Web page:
However, the recommendatory character of these terms subsumes the parties can agree for a different probationary period. Another aspect the employer and the employee can agree upon is the working hours: the mandated as 48 hours a week can be extended or cut with both parties’ consent. The free zone establishments calculate the ESG payments in much the same manner as the Law applied in the mainland. The law covering these zones, however, cannot allow for the payment to be cut if the worker commences the departure-related procedures. Moreover, the free zone employment law does not include any specific circumstances justifying summary dismissal.
The free zone employer can dismiss an employee with the cause for termination present. In other words, the law relies firmly on the employer’s reasoning, which is another demonstration of the law’s flexibility. Additionally, the free zone law has very clear specifications on the subject of discrimination, explicitly prohibiting any of it based on gender, socio-economic status, ethnicity, age, religious convictions, or disability (Hubbard and Gehle par. 6).
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In case an employee with no legal right to work on the premises of the UAE or its free zones is employed, the work giver is punished by a fine or jail term.
Employers’ and employees’ rights and duties
As part of the Emiratization program, it is the employers’ legal obligation to prefer the Emirati work force over the immigrants. Although the objective reality may differ from theory, the work givers cannot employ a non-UAE national where an Emirati employee could do the job. This duty of the employers is specifically applicable to the spheres of banking and insurance. The establishments that operate within these two spheres are required to meet yearly quotas for the number of UAE nationals employed (Toledo 40).
Other duties of the employers include the following. The work givers should provide the personnel with the employment contract, fixed working hours (maximum 8 hours daily), and payment for the overtime hours. Since 2014, the employers have a duty to provide the workers with health insurance covering the fundamental aspects of medical care. In case an employer has arbitrarily dismissed a worker, the latter should be provided with a refurbishment – an obligation for the employer to fulfil.
The rights of the employers include the following. The employers can terminate the contract on probationary period immediately when a delinquency or violation occurs; at that, the probation can last up to a half-year. An employer can reject a job applicant who refuses to undergo medical check-ups and alcohol and drug tests. They can also abstain from paying the employees when the latter are under post-termination covenants.
The employees’ duties are to adhere to the employers’ requirements concerning the compliance with the contract specifications. They must submit their applications and references to the Ministry or the relevant department of the free zone authorities for consideration. The employees have a duty to undergo medical check-ups and drug/alcohol tests (Howse et al., 265).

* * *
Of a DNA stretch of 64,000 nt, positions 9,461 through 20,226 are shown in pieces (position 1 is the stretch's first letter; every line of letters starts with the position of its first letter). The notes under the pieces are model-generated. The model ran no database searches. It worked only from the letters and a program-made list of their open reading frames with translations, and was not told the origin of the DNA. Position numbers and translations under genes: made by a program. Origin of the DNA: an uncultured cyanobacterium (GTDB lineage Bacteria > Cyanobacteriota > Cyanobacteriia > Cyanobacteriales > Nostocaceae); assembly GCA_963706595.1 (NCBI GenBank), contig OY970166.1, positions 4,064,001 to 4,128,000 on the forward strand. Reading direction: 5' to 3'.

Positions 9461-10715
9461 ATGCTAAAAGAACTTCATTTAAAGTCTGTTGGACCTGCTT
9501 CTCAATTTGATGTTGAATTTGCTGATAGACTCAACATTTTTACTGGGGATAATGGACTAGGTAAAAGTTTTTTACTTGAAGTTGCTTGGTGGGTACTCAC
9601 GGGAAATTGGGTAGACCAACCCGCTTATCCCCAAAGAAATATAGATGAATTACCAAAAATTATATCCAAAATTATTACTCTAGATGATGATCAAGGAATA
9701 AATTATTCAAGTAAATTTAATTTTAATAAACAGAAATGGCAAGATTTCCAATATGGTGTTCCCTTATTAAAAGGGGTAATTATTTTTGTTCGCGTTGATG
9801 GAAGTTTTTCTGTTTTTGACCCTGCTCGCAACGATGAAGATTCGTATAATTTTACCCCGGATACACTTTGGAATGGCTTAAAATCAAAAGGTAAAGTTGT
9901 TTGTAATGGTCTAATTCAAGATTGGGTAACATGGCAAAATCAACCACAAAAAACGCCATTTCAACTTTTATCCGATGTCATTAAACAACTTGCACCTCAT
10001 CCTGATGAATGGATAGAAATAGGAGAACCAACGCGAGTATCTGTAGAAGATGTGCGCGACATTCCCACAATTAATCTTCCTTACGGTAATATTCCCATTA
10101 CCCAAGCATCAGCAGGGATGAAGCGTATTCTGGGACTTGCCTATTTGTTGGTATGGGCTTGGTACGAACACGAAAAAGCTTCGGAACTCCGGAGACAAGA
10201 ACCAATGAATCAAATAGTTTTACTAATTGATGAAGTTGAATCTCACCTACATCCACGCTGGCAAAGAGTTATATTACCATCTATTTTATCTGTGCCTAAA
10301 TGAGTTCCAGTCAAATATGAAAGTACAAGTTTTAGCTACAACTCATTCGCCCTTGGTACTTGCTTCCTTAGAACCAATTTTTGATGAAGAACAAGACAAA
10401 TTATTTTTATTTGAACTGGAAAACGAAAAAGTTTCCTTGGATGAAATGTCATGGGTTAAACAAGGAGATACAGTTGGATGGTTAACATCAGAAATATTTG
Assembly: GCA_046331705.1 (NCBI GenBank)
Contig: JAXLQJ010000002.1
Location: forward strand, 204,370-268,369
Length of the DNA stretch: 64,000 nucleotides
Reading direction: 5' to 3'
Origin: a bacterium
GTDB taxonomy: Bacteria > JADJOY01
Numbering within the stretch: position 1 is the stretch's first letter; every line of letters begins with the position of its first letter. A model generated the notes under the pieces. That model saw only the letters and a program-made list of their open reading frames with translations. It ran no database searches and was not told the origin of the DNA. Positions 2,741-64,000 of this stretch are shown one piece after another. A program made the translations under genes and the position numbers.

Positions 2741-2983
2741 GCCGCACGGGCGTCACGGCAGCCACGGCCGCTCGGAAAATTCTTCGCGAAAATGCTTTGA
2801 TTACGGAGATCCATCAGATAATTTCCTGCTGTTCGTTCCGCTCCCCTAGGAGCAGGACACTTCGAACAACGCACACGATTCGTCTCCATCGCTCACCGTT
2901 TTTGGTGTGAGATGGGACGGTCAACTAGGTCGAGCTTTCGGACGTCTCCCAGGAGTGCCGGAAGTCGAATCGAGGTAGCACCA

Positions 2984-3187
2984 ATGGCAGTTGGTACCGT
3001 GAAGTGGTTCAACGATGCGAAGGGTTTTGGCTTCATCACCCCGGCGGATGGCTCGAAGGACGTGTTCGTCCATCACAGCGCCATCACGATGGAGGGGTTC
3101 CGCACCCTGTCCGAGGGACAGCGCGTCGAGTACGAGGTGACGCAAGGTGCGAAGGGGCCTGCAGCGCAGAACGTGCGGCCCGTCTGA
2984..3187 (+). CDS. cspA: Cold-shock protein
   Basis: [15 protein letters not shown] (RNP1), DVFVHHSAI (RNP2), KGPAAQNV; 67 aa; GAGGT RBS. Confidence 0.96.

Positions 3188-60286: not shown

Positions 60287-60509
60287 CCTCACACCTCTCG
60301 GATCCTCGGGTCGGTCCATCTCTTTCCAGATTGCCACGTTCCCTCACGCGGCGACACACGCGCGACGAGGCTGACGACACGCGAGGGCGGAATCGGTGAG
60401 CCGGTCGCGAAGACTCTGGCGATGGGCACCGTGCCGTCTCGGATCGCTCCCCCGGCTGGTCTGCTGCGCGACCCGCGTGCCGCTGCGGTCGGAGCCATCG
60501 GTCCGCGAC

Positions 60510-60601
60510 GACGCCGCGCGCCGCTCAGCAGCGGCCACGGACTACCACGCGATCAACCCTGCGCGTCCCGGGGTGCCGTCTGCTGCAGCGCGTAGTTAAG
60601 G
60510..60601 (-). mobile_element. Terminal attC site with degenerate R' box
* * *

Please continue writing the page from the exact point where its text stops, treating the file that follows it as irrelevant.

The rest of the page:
Their rights are somewhat more extensive. For one, they include being provided by the contract specifying the requirements they are supposed to follow, such as the parties’ names, the dates and statuses, the duration, the wages, work hours, vacations, sick leaves, vacation and sick payments, the probationary periods, disciplinary and grievance procedures, etc. Although the employer reserves the right to choose a UAE national instead of an immigrant worker, the employees have the right to non-discrimination based on gender, age, health and mental status, SES, and marital status.
The immigrant employees have a right to have their visas and residence permits sponsored by the employers. In relation to the working hours, no underage employee is obliged to work an 8-hour shift. Adults have a right to rest and pray during their breaks. At that, the restrictions concerning rest and breaks are compulsory. The payment for the overtime work is a right granted to all employees, although the calculations may differ. Concerning the leaves and absence, the employees have a right to yearly and sick leave.
The employees are not entitled to leaves other than these but the right to discuss the absence with the employer and come to an agreement on a specified period of absence time is permissible. Concerning the intellectual property (the items and techniques invented by the employees), the workers can claim the right to this property on some conditions, namely, when the invention (either an item or activity) is not within this employee’s scope of work or is usable within the employers’ scope of business. The latter condition can serve as a viable explanation of the resources being used for the invention (Howse et al. 260-269).
Al Tamimi & Company. “UAE Labor Law.” UAE Labor Law. UAE Labor Law, n.d. Web.
Employment Issues in the United Arab Emirates. 2nd ed. Los Angeles, CA: Latham & Watkins, 2014. Print.
Howse, Matthew, Walter Ahrens, Sabine Smith-Vidal, and Mark Zelek. Labour & Employment in 39 Jurisdictions Worldwide. London, UK: Getting the Deal Through, 2014. Print.
Hubbard, Alison, and Björn Gehle. “Employment issues in The United Arab Emirates.” Out-Law.com. Pinsent Masons LLP. 2012. Web.
Oxford Business Group. The Report: Dubai 2014. Dubai, OAE: Oxford Business Group, 2014. Print.
Toledo, Hugo. “The political economy of emiratization in the UAE.” Journal of Economic Studies 40.3 (2013): 39-53. Print.